As I noted, in the 1990s our economic relationship with the Gulf Arab world grew quite quickly. In the noughties our political and military relationship expanded. But for a range of reasons, in coming years these relationships won’t grow as fast.
In trade terms there has been some decline in overall growth in recent years for a range of reasons, including the GFC and the high Australian dollar.
Militarily, we will be drawing down our forces in Afghanistan over the next couple of years, which will mean a drawdown in our supporting presence in the Gulf. In fact, there may well be pressure to wind up that military presence altogether.
Alongside this we hear almost daily that this will be the Asian Century, and of the need for Australia to refocus its attention on its immediate region. Economically this has of course been happening for a number of years as our trading relationship with China has grown dramatically.
But politically and strategically there is a growing sense that we must refocus our attention on East Asia as China rises, in line with the current US Administration’s declaration that it will be rebalancing away from the Middle East towards East Asia.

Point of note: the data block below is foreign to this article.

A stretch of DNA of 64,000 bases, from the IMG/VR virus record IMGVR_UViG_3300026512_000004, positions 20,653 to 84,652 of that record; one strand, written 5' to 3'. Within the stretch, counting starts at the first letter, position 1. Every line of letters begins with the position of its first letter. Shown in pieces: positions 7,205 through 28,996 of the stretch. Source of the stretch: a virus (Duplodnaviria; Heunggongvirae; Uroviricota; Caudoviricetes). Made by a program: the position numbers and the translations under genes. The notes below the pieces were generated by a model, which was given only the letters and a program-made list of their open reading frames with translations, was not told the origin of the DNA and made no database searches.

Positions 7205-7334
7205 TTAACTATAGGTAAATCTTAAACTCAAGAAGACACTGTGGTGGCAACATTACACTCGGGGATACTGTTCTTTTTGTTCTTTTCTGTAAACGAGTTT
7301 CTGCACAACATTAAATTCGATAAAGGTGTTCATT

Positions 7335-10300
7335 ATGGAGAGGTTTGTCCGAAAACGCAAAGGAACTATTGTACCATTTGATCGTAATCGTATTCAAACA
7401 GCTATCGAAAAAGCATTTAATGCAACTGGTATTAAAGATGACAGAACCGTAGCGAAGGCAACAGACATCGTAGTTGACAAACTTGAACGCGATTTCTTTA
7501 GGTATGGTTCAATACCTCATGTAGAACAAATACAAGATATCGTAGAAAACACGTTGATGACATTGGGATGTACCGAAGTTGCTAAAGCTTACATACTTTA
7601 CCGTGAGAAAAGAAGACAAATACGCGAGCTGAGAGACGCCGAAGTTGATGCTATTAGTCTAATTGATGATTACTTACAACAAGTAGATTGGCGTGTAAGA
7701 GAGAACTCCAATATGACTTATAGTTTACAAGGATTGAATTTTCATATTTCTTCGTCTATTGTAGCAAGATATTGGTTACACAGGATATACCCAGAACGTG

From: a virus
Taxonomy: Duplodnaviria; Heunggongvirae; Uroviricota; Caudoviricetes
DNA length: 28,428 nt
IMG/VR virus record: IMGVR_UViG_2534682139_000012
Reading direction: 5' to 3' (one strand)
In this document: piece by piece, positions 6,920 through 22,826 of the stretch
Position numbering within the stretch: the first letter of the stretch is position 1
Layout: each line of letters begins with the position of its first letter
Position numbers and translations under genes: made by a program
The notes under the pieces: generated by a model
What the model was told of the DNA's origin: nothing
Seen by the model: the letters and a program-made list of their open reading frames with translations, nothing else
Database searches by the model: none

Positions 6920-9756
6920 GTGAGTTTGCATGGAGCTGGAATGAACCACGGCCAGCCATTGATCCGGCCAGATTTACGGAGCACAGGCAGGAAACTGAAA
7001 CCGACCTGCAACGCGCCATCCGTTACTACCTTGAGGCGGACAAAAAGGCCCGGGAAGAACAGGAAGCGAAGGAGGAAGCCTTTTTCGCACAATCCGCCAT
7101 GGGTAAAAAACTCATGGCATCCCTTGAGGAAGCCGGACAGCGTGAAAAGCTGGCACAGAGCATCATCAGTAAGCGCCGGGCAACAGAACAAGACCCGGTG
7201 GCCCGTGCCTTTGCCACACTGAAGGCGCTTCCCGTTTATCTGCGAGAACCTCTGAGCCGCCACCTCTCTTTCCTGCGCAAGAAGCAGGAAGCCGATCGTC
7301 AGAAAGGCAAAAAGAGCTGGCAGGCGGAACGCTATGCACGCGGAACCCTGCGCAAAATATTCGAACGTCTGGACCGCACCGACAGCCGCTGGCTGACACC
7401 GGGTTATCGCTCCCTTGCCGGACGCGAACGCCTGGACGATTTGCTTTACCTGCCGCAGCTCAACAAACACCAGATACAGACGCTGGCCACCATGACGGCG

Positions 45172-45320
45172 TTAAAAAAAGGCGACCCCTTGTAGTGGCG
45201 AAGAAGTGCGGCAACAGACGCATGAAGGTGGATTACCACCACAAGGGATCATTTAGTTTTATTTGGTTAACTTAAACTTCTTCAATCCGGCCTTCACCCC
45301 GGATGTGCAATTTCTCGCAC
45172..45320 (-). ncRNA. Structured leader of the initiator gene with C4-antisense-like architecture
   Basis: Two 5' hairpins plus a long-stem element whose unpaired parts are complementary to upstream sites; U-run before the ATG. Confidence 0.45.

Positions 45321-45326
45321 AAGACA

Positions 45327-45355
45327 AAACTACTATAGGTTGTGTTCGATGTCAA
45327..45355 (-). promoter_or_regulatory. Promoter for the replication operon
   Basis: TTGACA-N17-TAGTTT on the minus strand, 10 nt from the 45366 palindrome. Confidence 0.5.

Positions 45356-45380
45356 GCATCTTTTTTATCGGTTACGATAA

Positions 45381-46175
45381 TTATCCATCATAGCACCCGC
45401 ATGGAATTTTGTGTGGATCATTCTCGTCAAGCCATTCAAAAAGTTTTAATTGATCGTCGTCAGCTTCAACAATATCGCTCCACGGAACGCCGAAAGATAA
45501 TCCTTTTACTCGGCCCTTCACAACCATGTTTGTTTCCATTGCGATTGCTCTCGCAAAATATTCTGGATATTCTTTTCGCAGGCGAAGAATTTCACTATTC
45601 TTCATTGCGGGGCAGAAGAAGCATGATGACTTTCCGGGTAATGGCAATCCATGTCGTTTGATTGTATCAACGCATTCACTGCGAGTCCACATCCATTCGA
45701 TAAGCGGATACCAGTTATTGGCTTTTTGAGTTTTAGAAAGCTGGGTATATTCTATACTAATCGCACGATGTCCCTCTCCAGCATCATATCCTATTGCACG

There is no question that global economic power is shifting towards Asia and that Asia is emerging as the key theatre of global geo-strategic competition. But it would be a mistake for us to assume that this means that the Middle East and Arab world will, as a result, become less important to Australia in coming years.
Economically, even as we seize economic opportunities in China and other parts of Asia, we should not lose sight of opportunities elsewhere. Like Australia, the resource-exporting economies of the Arab world are still faring a lot better than other economic zones like Europe and North America.
Strategically, America may well to wish to rebalance toward the Asia Pacific, but the Middle East is going through its most tumultuous period in its modern history. It is not just the Arab uprisings, but the conflict over Iran’s nuclear program and the prospect that extremist groups will exploit the current regional instability that will all make it difficult for the US to rebalance towards Asia.
Given America’s shrinking national security budget, I expect the US to continue looking to Australia for help in the Middle East in the future, as they have in past.
In fact, an opportunity exists here for Australia to redefine the Middle East, especially the Gulf region, not as a region distinct from Asia, but as a region that is part of Asia.
Of course, geographically, much of the Middle East is part of the Asian continent. But it is in the development of its economic ties that the Middle East is becoming more and more part of Asia.
In 2009 the Saudi Oil Minister Ali al-Naimi said in a speech to Peking University that he felt at home in China because he was ‘an Asian’. He added that ‘when a Saudi Arabian studies, or conducts business, or travels to savor the culture and natural beauty of China, he is at home on his native continent.’